Sozzled on tryptophan, carbohydrates and pills filched from mom's medicine cabinet, tens of millions of Americans this Thursday will celebrate our nation's second-greatest secular holiday with a 14-hour bacchanal of TV and turkey meat. And in an increasingly rare show of multigenerational TV viewing, much of that couch-locked interval will be an all-ages affair.
According to Nielsen, the annual Turkey Day NFL broadcasts on Fox, CBS and NBC account for more co-viewing than any other TV event outside of the Super Bowl. And while the data can be diced and sliced to accommodate any relevant demographic subsets, two that are of particular interest to advertisers are teens and adults 25-54.
For example, last year Fox broadcast the season's most-watched regular-season NFL game, as the Thanksgiving Day showdown between NFC East rivals Philadelphia and Dallas delivered 32 million total viewers. Mark Sanchez and the Eagles treated the Cowboys to a 33-10 drubbing in a late-afternoon game in which co-viewing between teens 12-17 and adults 25-54 reached 20%. In other words, one-fifth of all the households that tuned in to the game included at least one viewer from each demo.
CBS's year-ago Bears-Lions grudge match also scared up a big multigenerational crowd. All told, 29.4 million fans watched Detroit spoil Chicago's holiday by a 34-17 margin, and per Nielsen, co-viewing between teens and adults reached 18%. And while the primetime T-Day broadcast wasn't much fun to watch (22.9 million fans endured Seattle's methodical 19-3 vivisection of San Francisco), co-viewing remained amplified at 16%.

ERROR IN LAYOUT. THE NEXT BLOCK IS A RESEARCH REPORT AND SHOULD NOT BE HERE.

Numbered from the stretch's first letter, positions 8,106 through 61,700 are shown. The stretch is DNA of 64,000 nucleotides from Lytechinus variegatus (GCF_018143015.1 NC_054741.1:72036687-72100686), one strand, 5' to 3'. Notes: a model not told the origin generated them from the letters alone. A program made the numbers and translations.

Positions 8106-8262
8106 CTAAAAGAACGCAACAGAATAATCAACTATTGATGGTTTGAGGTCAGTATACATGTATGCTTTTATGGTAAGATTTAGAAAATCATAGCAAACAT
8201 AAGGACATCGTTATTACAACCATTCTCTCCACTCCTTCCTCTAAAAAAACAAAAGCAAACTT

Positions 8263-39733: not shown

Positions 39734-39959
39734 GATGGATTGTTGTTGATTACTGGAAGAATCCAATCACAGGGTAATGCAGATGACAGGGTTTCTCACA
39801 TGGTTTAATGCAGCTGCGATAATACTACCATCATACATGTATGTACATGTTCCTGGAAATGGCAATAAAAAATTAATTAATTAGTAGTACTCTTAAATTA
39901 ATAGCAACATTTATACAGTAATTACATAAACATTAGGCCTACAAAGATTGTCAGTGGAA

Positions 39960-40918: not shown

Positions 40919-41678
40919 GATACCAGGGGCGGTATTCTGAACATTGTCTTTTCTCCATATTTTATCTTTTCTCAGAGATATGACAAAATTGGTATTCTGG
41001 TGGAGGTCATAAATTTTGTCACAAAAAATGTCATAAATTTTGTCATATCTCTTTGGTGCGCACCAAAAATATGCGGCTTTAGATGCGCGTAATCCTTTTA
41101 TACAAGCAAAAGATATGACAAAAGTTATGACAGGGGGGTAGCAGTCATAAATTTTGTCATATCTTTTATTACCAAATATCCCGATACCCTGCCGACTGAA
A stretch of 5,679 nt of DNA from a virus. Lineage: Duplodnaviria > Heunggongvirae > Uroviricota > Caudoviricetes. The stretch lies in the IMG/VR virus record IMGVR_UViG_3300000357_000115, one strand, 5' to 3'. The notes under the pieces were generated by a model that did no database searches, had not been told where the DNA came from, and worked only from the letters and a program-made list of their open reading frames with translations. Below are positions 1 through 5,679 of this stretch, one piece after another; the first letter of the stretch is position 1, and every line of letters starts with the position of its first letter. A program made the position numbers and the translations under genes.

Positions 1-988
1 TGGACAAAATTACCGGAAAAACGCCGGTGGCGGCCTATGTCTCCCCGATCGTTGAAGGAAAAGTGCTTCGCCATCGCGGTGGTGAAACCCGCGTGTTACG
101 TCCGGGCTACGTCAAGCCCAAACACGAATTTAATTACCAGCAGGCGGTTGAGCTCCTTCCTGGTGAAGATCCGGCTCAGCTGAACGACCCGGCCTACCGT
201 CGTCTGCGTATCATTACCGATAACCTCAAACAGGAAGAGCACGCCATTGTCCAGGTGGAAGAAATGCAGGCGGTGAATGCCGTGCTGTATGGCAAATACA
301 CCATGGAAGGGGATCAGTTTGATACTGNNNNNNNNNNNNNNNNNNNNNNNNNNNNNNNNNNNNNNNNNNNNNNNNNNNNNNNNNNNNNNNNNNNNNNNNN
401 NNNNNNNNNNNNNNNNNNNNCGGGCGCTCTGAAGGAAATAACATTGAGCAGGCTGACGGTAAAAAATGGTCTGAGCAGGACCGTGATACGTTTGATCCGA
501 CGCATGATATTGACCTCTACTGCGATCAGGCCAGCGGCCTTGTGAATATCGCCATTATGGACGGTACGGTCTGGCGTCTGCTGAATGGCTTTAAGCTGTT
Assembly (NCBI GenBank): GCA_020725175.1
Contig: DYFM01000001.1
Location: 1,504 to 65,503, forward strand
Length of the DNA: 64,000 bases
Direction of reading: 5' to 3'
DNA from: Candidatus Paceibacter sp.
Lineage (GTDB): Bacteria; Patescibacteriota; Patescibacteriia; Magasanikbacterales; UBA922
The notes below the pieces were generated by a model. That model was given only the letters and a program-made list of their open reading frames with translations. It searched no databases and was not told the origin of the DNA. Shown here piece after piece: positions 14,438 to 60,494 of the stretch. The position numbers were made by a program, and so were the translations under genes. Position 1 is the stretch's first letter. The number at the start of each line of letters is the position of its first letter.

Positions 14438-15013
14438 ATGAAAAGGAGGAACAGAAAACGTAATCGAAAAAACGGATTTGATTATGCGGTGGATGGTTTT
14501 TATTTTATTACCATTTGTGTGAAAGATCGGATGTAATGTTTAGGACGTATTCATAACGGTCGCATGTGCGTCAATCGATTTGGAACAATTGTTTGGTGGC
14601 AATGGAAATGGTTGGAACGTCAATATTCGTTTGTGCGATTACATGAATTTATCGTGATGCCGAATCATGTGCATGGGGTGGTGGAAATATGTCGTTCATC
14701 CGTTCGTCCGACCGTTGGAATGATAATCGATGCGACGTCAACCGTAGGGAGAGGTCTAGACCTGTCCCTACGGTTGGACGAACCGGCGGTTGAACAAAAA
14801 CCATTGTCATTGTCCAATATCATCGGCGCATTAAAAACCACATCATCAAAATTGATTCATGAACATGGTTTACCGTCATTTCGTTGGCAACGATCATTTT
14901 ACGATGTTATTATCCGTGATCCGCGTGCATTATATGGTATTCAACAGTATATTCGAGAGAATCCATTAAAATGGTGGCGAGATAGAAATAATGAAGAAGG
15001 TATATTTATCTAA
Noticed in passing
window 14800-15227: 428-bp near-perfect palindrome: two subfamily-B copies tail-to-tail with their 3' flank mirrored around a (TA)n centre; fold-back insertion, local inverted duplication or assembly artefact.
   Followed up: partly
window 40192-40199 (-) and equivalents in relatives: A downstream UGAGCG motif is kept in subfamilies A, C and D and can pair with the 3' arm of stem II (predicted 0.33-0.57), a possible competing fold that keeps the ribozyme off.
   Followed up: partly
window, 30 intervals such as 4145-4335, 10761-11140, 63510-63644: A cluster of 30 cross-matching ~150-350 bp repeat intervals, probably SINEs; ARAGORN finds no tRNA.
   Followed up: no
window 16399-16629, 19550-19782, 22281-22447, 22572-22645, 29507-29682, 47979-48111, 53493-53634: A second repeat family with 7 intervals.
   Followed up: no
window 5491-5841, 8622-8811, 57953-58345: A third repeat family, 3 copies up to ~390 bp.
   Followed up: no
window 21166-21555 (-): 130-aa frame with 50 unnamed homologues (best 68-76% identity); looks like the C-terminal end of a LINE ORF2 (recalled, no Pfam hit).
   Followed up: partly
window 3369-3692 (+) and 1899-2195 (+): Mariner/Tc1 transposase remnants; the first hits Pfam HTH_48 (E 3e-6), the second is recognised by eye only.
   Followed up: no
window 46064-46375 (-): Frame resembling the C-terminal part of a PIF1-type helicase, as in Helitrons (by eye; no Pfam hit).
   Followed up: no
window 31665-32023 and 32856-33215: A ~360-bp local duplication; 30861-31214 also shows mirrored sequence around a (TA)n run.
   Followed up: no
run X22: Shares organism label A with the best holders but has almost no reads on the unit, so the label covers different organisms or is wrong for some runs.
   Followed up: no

By way of comparison, some of last year's other high-level co-viewing events include CBS's coverage of the 57th Annual Grammy Awards (25.3 million viewers, 14% co-viewing), ABC's presentation of the 87th Academy Awards (37.3 million, 14%) and NBC's 72nd Golden Globe Awards broadcast (19.3 million, 10%).
That the Thanksgiving NFL slate puts up such outsized co-viewing numbers is of little surprise, given that the average holiday crowd features a mélange of rug rats, runny-nosed grade-school types, sullen teens, insufferable college students, weird uncles, your stepdad Terry and that gentleman friend of grandma's who smells of turpentine. But as it turns out, even in the absence of the turkey and all the trappings, the NFL is still TV's biggest driver of co-viewing.
Per Nielsen, 14% of all deliveries for Fox's Sunday afternoon games include teen-adult co-viewing, while CBS's Sunday NFL package boasts 13% co-viewing, up a tick from NBC's "Sunday Night Football" (12%). ESPN's "Monday Night Football" and the CBS/NFL Network simulcasts of "Thursday Night Football" tie the Big Four network primetime entertainment average at 10%.
As it happens, Fox this year looks to have been saddled with a particularly uninspired game, as it will broadcast the meeting between a 4-6 Eagles squad and the 3-7 Lions. CBS may have a more intriguing matchup on its hands as Cam Newton and the Panthers take on a 3-7 Cowboys team that's been revitalized by the return of star QB Tony Romo. NBC caps the festivities with a NFC North scrap between the 4-6 Bears and 7-3 Packers.
As Thanksgiving is quite literally the last stop before Black Friday, tomorrow's games are expected to feature a greater number of ads devoted to consumer tech/telco (Apple, Microsoft, Android), retail (Target, Walmart), and the inevitable barrage of "engagement season" messaging for the likes of Kay Jewelers, Zales and Jared. And naturally, the endemic categories (auto, QSR, insurance, movies) also will be well represented.